It’s Time For Hip Hop To Stop The Glorification Of Drug Use

by Raheem Karim
Hip Hop Against Drug Use

Hip Hop Against Drug Use

It’s Time For Hip Hop To Stop The Glorification Of Drug Use

In light of the recent passing of rapper Juice WRLD dying from a drug overdose at the young age of 21 it is time for hip hop music to speak out against substance abuse. Juice WRLD is not the first rapper or musician to succumbed to the drug culture, there have been many others such as Pimp C, Mac Miller, DJ Screw, ‘Ol Dirty Bastard, and many others. Drug culture is not just a hip hop genre problem, but it reaches other genres just as much. For this article I am just focusing on hip hop music. Hip-hop music may be influencing black Americans to try prescription drugs. Since its inception, hip-hop music has been littered with reference to the drug culture. From Dr. Dre’s ode to marijuana on The Chronic, to Biggie and Jay Z cocaine selling raps.

Rappers have always bragged about getting high from marijuana which I do not consider a drug. I am advocate for marijuana use, but now we have hit a new low in hip hop music endorsing dangerous drug use behavior. This new generation of rappers have gone beyond the pal of marijuana but are referencing prescription opioids such as Xanax, Percocet, OxyContin, and Lean. These type of drugs are so dangerous they are considered the new war on drugs and the deadliest drug overdose crisis in American history.


The Drugs of Influence
Lean aka purple drank is a homemade concoction of codeine (usually found in cough syrup), mixed with Sprite, and Jolly Ranchers. Lean burst onto the hip hop scene in the early ’90s thanks to Houston rappers such as Pimp C of UGK (who later died from complications caused by drinking it) and DJ Screw. Other high profile rappers such as Lil Wayne, Three 6 Mafia popularized it with drug referencing titled songs.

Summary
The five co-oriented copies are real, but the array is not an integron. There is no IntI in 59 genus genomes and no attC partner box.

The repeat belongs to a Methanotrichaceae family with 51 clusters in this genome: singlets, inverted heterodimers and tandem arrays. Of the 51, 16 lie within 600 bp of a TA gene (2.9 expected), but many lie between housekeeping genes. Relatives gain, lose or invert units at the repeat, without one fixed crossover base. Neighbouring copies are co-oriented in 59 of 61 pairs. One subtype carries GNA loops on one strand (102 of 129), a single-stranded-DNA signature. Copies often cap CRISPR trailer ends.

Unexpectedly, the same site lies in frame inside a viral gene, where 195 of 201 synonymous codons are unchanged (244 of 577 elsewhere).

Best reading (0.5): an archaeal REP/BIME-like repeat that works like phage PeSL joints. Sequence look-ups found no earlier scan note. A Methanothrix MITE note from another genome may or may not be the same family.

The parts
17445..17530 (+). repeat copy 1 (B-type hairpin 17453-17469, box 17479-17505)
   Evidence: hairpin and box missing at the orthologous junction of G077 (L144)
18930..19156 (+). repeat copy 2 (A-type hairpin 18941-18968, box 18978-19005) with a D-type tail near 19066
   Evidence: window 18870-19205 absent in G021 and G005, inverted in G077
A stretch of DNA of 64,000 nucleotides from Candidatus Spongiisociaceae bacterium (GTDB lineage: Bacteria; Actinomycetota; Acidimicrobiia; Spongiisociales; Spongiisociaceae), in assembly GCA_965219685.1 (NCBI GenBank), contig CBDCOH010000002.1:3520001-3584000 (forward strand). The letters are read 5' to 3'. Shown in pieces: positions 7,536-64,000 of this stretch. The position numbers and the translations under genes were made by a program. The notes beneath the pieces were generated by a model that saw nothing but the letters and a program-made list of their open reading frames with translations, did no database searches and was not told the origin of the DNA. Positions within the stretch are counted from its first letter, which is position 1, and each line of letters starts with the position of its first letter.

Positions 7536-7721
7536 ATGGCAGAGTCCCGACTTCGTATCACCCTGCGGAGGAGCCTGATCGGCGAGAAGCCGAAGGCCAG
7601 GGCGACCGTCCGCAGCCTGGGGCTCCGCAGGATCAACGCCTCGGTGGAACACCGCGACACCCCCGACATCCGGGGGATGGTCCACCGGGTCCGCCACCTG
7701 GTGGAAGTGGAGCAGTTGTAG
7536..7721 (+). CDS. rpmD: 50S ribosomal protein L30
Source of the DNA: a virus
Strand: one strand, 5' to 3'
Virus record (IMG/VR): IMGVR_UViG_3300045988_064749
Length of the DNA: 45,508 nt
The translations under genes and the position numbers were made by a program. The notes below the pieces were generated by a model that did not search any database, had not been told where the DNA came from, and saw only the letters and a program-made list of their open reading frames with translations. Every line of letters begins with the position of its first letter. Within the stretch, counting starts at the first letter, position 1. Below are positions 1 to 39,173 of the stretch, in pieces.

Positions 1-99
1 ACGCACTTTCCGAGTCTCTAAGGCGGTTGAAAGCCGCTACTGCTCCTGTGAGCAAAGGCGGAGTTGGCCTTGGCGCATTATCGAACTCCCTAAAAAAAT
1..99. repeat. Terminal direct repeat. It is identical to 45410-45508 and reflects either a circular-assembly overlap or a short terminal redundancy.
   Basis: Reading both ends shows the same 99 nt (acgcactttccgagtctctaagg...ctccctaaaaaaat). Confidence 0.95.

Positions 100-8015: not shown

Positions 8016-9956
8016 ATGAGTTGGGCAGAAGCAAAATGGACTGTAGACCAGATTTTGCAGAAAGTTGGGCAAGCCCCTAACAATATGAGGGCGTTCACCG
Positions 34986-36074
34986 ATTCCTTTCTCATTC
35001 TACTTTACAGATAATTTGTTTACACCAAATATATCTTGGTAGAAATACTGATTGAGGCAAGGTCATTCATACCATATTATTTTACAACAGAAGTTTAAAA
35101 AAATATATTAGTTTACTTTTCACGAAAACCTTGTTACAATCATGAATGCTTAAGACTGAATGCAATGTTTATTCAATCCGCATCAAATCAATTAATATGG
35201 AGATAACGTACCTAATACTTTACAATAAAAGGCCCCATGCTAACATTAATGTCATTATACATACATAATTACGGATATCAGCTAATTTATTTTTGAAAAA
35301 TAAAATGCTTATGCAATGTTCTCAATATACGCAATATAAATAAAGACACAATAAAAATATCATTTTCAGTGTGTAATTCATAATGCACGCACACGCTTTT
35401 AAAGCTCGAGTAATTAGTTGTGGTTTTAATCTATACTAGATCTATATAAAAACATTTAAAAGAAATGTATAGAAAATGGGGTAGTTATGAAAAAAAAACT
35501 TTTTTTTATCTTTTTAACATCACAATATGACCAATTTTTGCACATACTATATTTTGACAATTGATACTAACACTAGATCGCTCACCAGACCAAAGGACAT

Percocet is a dangerous prescription drug that induces euphoria, and numbness. The rapper Future elevate Percocet as the new drug of choice to get high with his hit “Mask Off,” it’s driven by a chorus that promotes drug use. “Percocets. Molly, Percocets. Percocets. Molly, Percocets”.

Other notable drugs being promoted by rappers is OxyContin, and Molly.

Why glorify drugs in hip-hop?
I am not necessarily blaming the artist for speaking their truths about their own drugs use, because the listeners have a individual responsibility of choice. We all know that the microphone is a powerful platform and words can be very persuasive, especially to young people. What I do have a issue with is when artist glorify drug use for street credibility and encouraging others to indulge. 33 percent of the rap songs that reached the top ten of Billboard’s “Hot 100” chart in 2017 mentioned drugs. My question is are rapper feeling peer pressure to encourage drug use to sell records or to fit in? We have to remember that music is entertainment and you cannot hold on to every word an artist says. If an artist tells you how good a drug makes you feel, they should be able to tell you the consequence and side effects of those drugs also.

Music changes from generation to generation and that is the beauty of it. I remember when hip hop was about have fun, to educating black youth about society issue. I never have a problem with a artist expressing their trails and tribulations but drug use I do. We have lost to many rappers and non celebrities to drugs as, so lets not encourage this new generation of listeners. There are more important topics to talk about with issues black Americans face to day.

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